The full moon was last week, but as it moves toward half, it's been shining in my bedroom window, owing to these wonderfully clear nights. It's a comfort, a friend, an irritation when you're trying to sleep, a marker of seasons. I looked at it last night, mindful of the thoughts I would be sharing, and wondered if I would ever see grainy television transmissions from its surface again. How clear would transmissions be now, I wondered, given our technological advancements, many brought about by the very program that allowed that footprint to be implanted in lunar dust so many decades ago?

So many program struggle for our attention and our tax monies that it's hard to say, "Yes, we'll give billions, trillions even, to revisit the moon." It was a national obsession, born of a time when one-upping another country was part of who we were. I look down at my dusty work boots and the footprints I leave behind. I look up at the shiny white orb in my night sky and I remember the oft-quoted sections of a poem by aviator John Gillespie McGee, Jr.

High Flight

Oh! I have slipped the surly bonds of Earth
And danced the skies on laughter-silvered wings;
Sunward I've climbed, and joined the tumbling mirth
Of sun-split clouds, — and done a hundred things
You have not dreamed of — wheeled and soared and swung
High in the sunlit silence. Hov'ring there,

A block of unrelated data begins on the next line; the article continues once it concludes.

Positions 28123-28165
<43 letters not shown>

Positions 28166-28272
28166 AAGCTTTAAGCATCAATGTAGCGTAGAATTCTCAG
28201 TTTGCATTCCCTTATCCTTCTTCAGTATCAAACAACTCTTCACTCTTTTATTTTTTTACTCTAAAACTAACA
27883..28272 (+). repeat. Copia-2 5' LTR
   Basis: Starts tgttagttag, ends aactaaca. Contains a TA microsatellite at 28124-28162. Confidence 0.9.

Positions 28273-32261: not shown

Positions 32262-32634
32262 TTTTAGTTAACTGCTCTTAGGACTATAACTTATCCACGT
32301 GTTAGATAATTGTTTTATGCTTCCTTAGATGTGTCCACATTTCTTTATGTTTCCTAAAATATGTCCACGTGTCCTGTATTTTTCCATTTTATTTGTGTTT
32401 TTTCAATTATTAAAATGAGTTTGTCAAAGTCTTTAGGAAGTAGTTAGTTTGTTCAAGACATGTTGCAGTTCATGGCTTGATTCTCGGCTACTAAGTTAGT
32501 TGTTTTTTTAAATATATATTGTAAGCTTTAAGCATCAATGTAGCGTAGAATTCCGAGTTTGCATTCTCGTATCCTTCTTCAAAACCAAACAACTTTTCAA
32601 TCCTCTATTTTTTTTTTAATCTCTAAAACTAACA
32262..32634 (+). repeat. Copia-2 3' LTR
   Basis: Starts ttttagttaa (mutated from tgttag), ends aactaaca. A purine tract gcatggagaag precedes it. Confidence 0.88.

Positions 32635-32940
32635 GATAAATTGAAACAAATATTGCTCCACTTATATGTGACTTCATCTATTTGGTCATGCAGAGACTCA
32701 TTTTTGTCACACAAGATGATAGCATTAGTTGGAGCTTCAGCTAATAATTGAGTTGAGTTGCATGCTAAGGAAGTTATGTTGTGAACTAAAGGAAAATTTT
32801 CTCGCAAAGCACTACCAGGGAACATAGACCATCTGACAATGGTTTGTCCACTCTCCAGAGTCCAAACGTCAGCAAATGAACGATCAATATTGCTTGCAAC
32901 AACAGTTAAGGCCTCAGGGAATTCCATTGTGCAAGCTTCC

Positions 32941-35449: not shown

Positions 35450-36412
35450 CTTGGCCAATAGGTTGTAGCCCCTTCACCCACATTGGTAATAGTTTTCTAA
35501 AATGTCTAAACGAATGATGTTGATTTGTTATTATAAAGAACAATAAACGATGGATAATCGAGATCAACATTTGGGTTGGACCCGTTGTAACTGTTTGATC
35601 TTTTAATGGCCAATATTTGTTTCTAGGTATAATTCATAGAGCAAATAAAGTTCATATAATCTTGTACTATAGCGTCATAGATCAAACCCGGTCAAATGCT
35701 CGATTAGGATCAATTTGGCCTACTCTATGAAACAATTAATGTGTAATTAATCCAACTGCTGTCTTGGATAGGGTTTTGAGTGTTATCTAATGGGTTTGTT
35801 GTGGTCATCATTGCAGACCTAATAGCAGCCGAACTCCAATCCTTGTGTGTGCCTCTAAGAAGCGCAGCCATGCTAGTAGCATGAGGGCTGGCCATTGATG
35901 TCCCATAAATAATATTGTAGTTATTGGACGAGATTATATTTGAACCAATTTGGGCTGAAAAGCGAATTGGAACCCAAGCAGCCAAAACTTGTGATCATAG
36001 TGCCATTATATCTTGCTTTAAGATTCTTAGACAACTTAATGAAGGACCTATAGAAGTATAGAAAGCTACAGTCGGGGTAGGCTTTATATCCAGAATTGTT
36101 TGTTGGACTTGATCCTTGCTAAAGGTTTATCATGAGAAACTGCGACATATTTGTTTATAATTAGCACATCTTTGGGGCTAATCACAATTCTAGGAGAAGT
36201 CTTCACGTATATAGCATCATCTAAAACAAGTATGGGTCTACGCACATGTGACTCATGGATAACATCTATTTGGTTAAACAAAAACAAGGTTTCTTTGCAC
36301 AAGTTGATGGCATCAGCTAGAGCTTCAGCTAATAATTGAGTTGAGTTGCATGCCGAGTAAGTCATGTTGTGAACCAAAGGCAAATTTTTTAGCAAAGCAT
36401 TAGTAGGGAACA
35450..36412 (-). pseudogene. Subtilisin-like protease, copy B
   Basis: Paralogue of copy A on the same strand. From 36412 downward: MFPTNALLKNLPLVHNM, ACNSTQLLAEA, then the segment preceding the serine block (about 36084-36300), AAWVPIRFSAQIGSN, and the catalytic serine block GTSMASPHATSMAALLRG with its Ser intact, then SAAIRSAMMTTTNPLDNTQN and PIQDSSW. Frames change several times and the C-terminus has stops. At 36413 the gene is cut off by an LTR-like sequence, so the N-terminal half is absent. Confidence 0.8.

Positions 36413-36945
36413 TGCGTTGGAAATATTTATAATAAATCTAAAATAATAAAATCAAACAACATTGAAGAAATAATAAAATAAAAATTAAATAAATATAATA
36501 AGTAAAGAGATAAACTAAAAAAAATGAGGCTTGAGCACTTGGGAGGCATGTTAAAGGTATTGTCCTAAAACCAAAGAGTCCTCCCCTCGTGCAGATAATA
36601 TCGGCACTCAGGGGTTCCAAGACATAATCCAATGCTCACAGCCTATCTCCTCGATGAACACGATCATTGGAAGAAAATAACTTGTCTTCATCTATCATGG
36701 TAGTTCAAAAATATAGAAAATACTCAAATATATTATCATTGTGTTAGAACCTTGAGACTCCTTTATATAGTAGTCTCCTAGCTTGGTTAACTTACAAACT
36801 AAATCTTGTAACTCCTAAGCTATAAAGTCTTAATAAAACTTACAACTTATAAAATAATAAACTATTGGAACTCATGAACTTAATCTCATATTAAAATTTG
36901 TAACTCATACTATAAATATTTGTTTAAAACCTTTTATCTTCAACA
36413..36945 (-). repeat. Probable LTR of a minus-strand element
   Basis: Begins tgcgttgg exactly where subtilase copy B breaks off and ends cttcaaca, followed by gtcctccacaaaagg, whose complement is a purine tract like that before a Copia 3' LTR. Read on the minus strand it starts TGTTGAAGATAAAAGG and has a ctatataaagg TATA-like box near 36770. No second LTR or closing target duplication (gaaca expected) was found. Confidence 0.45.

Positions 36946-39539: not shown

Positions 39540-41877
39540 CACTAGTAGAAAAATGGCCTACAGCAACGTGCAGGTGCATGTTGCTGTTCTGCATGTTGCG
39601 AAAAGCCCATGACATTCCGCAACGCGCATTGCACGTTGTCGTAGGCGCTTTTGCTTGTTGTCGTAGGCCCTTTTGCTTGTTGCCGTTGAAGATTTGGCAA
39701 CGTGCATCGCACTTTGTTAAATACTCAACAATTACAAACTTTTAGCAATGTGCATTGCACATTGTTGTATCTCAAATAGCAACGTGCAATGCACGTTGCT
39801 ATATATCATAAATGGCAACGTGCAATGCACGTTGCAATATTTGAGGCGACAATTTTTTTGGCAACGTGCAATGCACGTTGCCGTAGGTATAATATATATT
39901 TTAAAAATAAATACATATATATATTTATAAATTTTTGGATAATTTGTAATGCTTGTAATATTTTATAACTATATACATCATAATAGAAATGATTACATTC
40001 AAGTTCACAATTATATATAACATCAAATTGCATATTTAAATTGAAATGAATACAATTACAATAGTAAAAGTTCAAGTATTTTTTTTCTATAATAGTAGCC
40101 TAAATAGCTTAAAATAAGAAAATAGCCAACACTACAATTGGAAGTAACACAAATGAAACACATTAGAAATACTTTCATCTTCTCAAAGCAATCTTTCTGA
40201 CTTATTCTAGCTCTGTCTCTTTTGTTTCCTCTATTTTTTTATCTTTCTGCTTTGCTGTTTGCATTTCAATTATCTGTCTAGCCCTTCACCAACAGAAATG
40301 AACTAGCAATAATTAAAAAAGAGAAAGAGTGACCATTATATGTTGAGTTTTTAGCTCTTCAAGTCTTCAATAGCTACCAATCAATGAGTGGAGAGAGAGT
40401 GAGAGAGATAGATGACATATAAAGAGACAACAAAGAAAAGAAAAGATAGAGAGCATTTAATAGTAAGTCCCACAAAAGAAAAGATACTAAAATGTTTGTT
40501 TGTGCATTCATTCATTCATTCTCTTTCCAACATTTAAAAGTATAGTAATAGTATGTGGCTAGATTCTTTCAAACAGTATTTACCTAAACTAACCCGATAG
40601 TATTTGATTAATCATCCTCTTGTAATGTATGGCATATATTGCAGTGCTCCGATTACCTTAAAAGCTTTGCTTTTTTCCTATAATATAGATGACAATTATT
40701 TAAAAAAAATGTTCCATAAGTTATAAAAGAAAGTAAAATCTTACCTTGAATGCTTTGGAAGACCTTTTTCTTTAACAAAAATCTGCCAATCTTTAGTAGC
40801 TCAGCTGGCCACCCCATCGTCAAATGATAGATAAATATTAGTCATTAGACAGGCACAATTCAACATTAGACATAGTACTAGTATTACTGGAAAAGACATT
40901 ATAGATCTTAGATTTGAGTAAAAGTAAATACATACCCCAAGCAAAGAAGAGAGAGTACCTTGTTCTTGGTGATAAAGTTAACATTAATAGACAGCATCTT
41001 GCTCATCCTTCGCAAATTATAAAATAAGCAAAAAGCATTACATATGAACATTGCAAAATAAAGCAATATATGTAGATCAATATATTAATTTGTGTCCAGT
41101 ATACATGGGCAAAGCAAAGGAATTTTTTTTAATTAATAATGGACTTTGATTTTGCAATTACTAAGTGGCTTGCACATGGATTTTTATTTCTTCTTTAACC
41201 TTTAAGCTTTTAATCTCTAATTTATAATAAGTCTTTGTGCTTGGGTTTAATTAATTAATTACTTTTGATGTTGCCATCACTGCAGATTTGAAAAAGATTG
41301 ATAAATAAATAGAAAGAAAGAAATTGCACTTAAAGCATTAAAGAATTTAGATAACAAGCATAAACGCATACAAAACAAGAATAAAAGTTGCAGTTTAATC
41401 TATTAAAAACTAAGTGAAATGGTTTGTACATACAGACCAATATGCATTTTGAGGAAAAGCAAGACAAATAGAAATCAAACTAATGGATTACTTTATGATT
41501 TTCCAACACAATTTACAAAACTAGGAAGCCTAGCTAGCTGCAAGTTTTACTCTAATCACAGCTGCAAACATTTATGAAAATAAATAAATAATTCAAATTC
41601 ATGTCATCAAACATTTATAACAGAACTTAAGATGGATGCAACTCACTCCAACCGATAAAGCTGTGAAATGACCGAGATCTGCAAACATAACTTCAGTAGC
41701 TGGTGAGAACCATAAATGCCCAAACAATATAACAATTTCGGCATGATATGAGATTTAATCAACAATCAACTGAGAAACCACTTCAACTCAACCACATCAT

I've chased the shouting wind along, and flung
My eager craft through footless halls of air. . . .

Up, up the long, delirious burning blue
I've topped the wind-swept heights with easy grace
Where never lark, or ever eagle flew —
And, while with silent, lifting mind I've trod
The high untrespassed sanctity of space,
Put out my hand, and touched the face of God.

Beverage:  English Breakfast tea


Thursday, September 26, 2013

Branching Out

Blogs are everywhere. I don't remember how I stumbled onto this one, House Panthers, but, in perusing the posts, I've found a blog for those of us sharing our lives with black cats.

I have had a hard time keeping up Deb's Cup of Tea with the goal of a post a day. Lately, I've been really busy and, right now, I'm going through a minor flare-up of my RA which leaves me tired. I have many more posts from the Virginia trip and there are always things I see that become posts in the back of my mind. Yet, a blog written by a number of people who have black cats?

If you've read my blog for any length of time, you know I'm a huge proponent of adopting a black cat. I love, adore, Mija, don't get me wrong, but black cats are so maligned that if I can spur one person to adopt one, giving it a forever home, then that's one cat and one person who is happy and it's worth trying to remember Black Cat Appreciation Day. (PST...August 17th.)

So, I applied to become a guest blogger. My "credentials"? Viola.

Today, I did my first post for House Panthers. I'm giving myself the goal of a post a week. I can, when I'm feeling eloquent and inspired and verbose, write the next week's post and schedule it. I'm thinking Thursdays are a good day.

We'll see how this goes. Maybe it will be more than I can, realistically, do. Then again, maybe it will inspire me.

Beverage:  Water


Wednesday, September 25, 2013

Will You Remember Me?

Thursday, September 26th is the first annual Remember Me Thursday. I have decided to have my tiny corner of the blogosphere participate.

Millions of adoptable pets in shelters lose their lives every year. It averages out to over 9,300 pets every day. Let that sink in. Nine THOUSAND three hundred adoptable pets are killed every single day simply because there is no room at the inn. That should never be a reason for euthanasia.